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Gene May Increase Risk for Both Alzheimer’s and Heart Disease

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Learning you carry a gene that increases your risk for Alzheimer’s disease can be distressing. But being told that the same gene also increases your risk for heart disease may lessen the distress and prompt you to make lifestyle changes that can benefit your overall health, researchers report.

“We found that telling individuals who wanted to learn about their risk for Alzheimer’s disease about their risk for both Alzheimer’s disease and coronary artery disease actually reduced distress among some people, and motivated many to make improvements to their lifestyles,” said Kurt Christensen, a researcher at Harvard Medical School and the lead author of the article. The findings appeared in the journal Annals of Internal Medicine.

The study looked at 257 men and women whose average age was 58. None had memory problems or other symptoms of Alzheimer’s disease. They filled out questionnaires about their exercise habits, and also got psychological tests for signs of anxiety and distress. They also agreed to undergo genetic testing to see whether they carried the E4 version of the APOE gene, which is associated with an increased risk of developing Alzheimer’s disease in old age.

Those in the study were then randomly assigned to one of two groups. In one group, which served as a control, genetic counselors told them about their risk for Alzheimer’s disease, based on whether they carried the APOE-E4 gene.

The other group got the same information about their Alzheimer’s risk, based on APOE testing results. But those who carried the APOE-E4 gene were also informed that studies have found that that form of the gene also raised their risk of developing heart disease. They were also counseled that stopping smoking, maintaining a healthy diet and weight, treating high cholesterol, and exercising could lower their risk of developing heart disease.

The study participants again underwent psychological assessments and filled out questionnaires about their lifestyle habits six weeks after the genetic counseling session, and again at six months and a year after their the results of their genetic tests.

The researchers found that those who were told they were at increased risk of Alzheimer’s but who also were told about their increased risk for heart disease had less anxiety and distress than the control subjects, who were told only about their Alzheimer’s risk. In addition, those who got information about heart disease risks were also more likely to be making improvements to their diet and exercise routines.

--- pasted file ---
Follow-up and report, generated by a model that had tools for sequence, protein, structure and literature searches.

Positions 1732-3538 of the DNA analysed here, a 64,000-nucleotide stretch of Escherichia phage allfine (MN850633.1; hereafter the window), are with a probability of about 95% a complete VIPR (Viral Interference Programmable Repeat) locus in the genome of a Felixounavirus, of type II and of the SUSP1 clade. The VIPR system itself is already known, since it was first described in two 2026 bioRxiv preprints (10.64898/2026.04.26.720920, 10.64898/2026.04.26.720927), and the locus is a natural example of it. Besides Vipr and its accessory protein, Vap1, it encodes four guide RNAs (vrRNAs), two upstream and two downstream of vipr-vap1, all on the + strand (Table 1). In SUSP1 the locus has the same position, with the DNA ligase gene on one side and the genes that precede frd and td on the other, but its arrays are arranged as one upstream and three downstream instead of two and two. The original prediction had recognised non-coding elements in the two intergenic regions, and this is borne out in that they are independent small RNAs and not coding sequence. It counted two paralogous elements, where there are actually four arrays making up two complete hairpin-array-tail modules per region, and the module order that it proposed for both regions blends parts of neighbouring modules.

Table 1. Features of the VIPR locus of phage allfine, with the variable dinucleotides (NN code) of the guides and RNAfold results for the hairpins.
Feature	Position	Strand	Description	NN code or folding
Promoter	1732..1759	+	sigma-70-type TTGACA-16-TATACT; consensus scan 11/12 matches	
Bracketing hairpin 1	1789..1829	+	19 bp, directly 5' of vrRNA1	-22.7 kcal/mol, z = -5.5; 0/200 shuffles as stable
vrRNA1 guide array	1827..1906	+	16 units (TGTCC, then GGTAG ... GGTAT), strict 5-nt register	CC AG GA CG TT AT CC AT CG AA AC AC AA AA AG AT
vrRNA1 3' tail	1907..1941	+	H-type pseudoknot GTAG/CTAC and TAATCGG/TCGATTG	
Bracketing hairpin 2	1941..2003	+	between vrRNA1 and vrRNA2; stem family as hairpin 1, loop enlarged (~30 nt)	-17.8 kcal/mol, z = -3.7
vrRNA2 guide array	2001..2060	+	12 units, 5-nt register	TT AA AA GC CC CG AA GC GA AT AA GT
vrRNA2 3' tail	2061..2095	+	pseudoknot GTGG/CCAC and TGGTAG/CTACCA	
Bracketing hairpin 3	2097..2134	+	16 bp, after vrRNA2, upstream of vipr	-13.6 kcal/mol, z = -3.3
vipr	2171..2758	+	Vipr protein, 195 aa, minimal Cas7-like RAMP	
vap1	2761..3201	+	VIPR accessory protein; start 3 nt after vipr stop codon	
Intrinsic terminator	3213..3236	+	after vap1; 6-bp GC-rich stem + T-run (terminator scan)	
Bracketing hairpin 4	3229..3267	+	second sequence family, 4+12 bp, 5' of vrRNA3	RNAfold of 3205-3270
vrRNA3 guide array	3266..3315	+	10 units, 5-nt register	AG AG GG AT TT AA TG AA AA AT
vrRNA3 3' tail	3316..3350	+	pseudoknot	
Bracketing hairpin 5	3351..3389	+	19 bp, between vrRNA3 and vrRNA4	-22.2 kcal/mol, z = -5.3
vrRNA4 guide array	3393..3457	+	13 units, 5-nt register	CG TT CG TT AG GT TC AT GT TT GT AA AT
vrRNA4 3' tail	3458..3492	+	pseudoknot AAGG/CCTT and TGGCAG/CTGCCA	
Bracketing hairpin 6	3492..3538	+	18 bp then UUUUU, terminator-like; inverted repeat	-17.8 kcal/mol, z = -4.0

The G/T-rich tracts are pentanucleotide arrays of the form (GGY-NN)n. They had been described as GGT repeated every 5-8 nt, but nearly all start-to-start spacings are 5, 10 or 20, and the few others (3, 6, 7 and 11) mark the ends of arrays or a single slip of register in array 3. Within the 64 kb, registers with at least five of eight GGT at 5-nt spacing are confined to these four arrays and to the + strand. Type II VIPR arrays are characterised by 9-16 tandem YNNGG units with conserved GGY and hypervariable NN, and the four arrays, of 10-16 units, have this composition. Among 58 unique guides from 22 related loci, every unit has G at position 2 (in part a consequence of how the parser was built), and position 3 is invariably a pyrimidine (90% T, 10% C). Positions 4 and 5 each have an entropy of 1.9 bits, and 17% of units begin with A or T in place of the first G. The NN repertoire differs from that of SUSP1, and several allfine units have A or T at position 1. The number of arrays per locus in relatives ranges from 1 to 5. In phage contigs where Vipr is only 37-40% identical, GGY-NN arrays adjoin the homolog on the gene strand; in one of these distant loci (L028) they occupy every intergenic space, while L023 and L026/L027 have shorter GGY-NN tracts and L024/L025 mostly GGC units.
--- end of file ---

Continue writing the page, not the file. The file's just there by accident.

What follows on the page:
“This research is reassuring, and provides evidence that secondary genomic findings disclosure can have a substantial positive psychological and behavioral impact on patients,”said Dr. Robert C. Green, a medical geneticist at Brigham and Women’s hospital and the study leader. Participants who were told about their heart disease risk may have felt empowered to make changes about a disease that they could prevent, the researchers say.

Dr. Green cautions, however, that providing genetic testing results carries risks, and that such information may harm patients more than it helps, including an increased risk of depression, anxiety and other mental health problems. That’s one reason why many experts advise against widespread genetic testing for Alzheimer’s at this time, particularly for those who remain mentally intact and show no signs of the disease.

What’s more, testing can be expensive, and health insurance may not cover the cost. Even more important, there is still no effective means of preventing or curing Alzheimer’s. Drugs are available, but they have only limited effectiveness in some people and do not stop the eventual downhill progression of disease.

Ultimately, the choice of whether to get a genetic test remains a personal one. All the more reason it’s important to be informed about the pros and cons of Alzheimer’s screening and what doctors know about genes and your risk for the disease.

Whether you carry the APOE-E4 gene or not, many other risk factors likely contribute to Alzheimer’s, not just genes and old age. What you eat, how much you exercise, formal education, smoking, how mentally active you remain, and other factors have all been implicated as possible factors that may contribute to Alzheimer’s progression. In fact, in one study of elderly men and women living in Utah, more than a fourth of those who carried the APOE-E4 remained Alzheimer’s-free, even up to age 100.

By ALZinfo.org, The Alzheimer’s Information Site. Reviewed by Marc Flajolet, Ph.D., Fisher Center for Alzheimer’s Research Foundation at The Rockefeller University.

Source: Kurt D. Christensen, PhD; J. Scott Roberts, PhD; Peter J. Whitehouse, MD, et al: “Disclosing Pleiotropic Effects During Genetic Risk Assessment for Alzheimer Disease: A Randomized Trial. Annals of Internal Medicine, Vol. 164, No. 3, Feb. 2, 2016

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